As shown in FIG. 5, one of the images 56, 58 on the display device 54 may be reversed from left for right. With this arrangement, an object 60 that appears on the left side of one image 56 also appears on the left side of the other image 58. Similarly, an object 62 that appears on the right side of one image 56 also appears on the right side of the other image 58, 56. Additionally, when an object moves from the left side of one of the images 56, 58 to the right side, the same object also moves from the left side of the other image 56, 58 to the right side. And, if the object in one image appears to rotated clockwise, the object will appear to rotate clockwise in the other image. Furthermore, the movements of the imaging devices 32, 44 appear to be coordinated. This arrangement makes it easier for an operator to observe, identify and correlate the objects and their movements in both images 56, 58.

Preferably, the data for the two images 56, 58 and possibly other data 64, such as patient information data or a time stamp, are stored in one computer file. In some cases, the patent information may be associated with one of the two images 56, 58. Preferably, the stored images 56, 58 and possibly other data 64 are time-correlated (i.e., they are captured at the same time). For example, as shown in FIG. 6, the two images 56, 58 and possibly other data 64 may be incorporated into one screen 66 in an image file. In some embodiments, the two images 56, 58 and possibly other data 64 may be captured in one jpeg file.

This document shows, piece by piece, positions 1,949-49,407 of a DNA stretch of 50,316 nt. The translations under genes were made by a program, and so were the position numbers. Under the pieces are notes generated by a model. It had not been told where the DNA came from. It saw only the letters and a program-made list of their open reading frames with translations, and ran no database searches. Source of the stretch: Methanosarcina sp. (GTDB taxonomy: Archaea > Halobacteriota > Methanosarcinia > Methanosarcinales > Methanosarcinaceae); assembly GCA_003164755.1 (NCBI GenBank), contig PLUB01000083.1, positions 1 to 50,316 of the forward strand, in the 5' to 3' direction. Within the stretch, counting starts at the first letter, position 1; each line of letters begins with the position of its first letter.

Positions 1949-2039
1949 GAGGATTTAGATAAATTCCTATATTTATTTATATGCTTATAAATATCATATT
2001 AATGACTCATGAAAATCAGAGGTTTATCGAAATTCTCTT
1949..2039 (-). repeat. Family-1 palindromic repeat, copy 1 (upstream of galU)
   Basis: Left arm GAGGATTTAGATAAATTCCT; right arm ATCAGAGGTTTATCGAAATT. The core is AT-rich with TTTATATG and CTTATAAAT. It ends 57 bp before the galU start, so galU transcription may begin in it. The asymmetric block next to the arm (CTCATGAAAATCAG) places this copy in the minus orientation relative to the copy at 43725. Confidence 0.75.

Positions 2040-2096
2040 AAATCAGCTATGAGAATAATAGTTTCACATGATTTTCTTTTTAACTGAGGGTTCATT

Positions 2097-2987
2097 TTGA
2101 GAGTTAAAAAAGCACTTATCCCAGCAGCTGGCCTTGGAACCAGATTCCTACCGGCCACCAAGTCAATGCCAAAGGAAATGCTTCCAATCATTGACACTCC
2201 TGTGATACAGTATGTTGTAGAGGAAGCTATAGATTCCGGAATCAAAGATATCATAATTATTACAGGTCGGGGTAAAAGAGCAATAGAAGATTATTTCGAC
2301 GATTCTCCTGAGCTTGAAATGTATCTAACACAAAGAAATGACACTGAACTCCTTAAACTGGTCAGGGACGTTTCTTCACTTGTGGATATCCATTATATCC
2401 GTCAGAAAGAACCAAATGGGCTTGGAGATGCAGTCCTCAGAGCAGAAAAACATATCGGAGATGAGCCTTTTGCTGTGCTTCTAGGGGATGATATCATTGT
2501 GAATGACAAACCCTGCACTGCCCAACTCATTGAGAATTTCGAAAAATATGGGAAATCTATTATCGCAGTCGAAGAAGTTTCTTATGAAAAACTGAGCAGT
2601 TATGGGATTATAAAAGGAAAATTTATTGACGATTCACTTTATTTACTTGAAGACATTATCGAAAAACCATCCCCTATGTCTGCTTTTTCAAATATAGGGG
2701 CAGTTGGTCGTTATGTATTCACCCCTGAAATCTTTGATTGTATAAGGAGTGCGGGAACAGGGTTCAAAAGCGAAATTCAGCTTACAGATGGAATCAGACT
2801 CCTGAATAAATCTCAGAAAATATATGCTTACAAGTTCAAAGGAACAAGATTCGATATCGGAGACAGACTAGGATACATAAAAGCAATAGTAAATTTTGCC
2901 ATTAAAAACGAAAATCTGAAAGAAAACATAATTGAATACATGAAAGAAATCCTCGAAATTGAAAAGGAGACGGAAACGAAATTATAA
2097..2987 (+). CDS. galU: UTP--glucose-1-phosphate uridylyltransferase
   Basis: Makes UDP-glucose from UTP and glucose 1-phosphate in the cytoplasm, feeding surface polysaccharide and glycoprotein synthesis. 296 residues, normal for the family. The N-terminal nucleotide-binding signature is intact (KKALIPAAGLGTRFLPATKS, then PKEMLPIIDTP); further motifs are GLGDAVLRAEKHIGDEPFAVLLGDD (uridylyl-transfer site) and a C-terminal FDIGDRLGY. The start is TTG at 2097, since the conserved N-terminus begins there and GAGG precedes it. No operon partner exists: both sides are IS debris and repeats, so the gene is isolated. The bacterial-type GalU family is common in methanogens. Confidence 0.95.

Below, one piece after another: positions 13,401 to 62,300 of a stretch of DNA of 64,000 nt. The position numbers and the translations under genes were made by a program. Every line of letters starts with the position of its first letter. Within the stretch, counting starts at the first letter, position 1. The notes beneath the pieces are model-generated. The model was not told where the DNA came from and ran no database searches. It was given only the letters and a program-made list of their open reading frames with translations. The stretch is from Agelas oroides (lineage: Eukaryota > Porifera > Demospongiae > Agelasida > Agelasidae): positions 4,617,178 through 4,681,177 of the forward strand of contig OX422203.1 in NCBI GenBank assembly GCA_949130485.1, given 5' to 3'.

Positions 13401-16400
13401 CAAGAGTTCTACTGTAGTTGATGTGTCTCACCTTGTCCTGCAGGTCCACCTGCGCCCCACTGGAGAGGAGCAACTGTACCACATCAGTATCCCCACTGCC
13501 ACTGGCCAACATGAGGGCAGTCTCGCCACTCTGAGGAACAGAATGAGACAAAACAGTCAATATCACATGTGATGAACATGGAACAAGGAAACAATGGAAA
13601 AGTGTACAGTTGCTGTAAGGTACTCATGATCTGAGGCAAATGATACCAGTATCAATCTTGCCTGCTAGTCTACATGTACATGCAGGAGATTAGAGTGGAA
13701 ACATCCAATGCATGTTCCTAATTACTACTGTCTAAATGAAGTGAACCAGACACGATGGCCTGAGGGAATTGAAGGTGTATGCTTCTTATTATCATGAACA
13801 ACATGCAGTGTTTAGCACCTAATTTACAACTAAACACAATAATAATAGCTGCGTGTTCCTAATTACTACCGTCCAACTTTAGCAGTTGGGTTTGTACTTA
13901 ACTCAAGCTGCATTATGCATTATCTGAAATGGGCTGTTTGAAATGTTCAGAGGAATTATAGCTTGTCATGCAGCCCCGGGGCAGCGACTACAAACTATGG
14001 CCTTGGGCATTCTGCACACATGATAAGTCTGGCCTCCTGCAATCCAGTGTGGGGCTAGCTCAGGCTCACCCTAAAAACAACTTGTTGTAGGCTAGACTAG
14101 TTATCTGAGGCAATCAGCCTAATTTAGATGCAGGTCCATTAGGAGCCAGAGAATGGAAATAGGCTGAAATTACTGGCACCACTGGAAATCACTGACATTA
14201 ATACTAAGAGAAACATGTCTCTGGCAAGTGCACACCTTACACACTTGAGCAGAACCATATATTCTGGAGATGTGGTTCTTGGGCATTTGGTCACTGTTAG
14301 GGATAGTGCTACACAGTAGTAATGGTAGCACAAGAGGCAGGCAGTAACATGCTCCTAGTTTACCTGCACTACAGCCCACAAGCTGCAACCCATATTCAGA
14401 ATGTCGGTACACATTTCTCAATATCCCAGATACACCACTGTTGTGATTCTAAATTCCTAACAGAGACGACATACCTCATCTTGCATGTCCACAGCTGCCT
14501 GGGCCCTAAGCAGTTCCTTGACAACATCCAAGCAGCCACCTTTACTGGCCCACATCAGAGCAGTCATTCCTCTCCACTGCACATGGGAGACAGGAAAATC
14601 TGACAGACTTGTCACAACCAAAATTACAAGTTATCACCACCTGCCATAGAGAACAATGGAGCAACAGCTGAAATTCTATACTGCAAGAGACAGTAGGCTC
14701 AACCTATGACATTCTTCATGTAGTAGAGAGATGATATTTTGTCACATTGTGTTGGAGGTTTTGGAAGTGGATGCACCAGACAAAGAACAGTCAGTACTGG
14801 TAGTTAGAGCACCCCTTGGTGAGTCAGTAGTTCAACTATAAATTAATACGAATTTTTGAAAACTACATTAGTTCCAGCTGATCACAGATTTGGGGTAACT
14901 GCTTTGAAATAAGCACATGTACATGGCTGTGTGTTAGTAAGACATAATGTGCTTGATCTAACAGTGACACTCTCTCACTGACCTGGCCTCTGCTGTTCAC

In some preferred embodiments, one or more characteristics of one image 56, 58 may be adjusted to match the same or similar one or more characteristics of the other image 58, 56, so that the images 56, 58 and the objects in the images 56, 58 have similar appearances. The characteristics may include, for example, color, contrast, and brightness. In one example, one or more characteristics of the auxiliary imaging device's image 58 are adjusted to match those of the main imaging device's image 56. Matched images make it easier for an operator to observe, identify and correlate the objects in the images.

In one preferred embodiment, the following technique is used to adjust the characteristics of the auxiliary imaging device's image 58 to match those of the main imaging device's image 56. First, a histogram for each of the RGB colors is created for the auxiliary imaging device's image 58 (called “current file”). The image used to create the histograms may be an average of the past images, such as the past two to ten images, preferably the past four images. And a histogram for each of the RGB colors is created also for the main imaging device's image 56 (called “master file”). This histogram may be the average of the histograms of the past images, such as the histograms of the past two to ten images, preferably the histograms of the past four images.

Second, a minimum and maximum is determined for each histogram by means of thresholding. Then a clip and gain is set for each histogram of the auxiliary imaging device's image to equalize its color gamut to that of the corresponding histogram of the main imaging device's image. In particular, the minimum and maximum for each histogram of the auxiliary imaging device's image are adjusted to match those for the corresponding histogram of the main imaging device's image.

Finally, gamma coefficients are used to adjust the color levels of the histograms of the auxiliary imaging device's image to match those of the histograms of the main imaging device's image. The equations for the gamma coefficients are:
red_gamma_color_balance=(current_profile.m_AverageRed*Master_average)/(master_profile.m_AverageRed*current_average);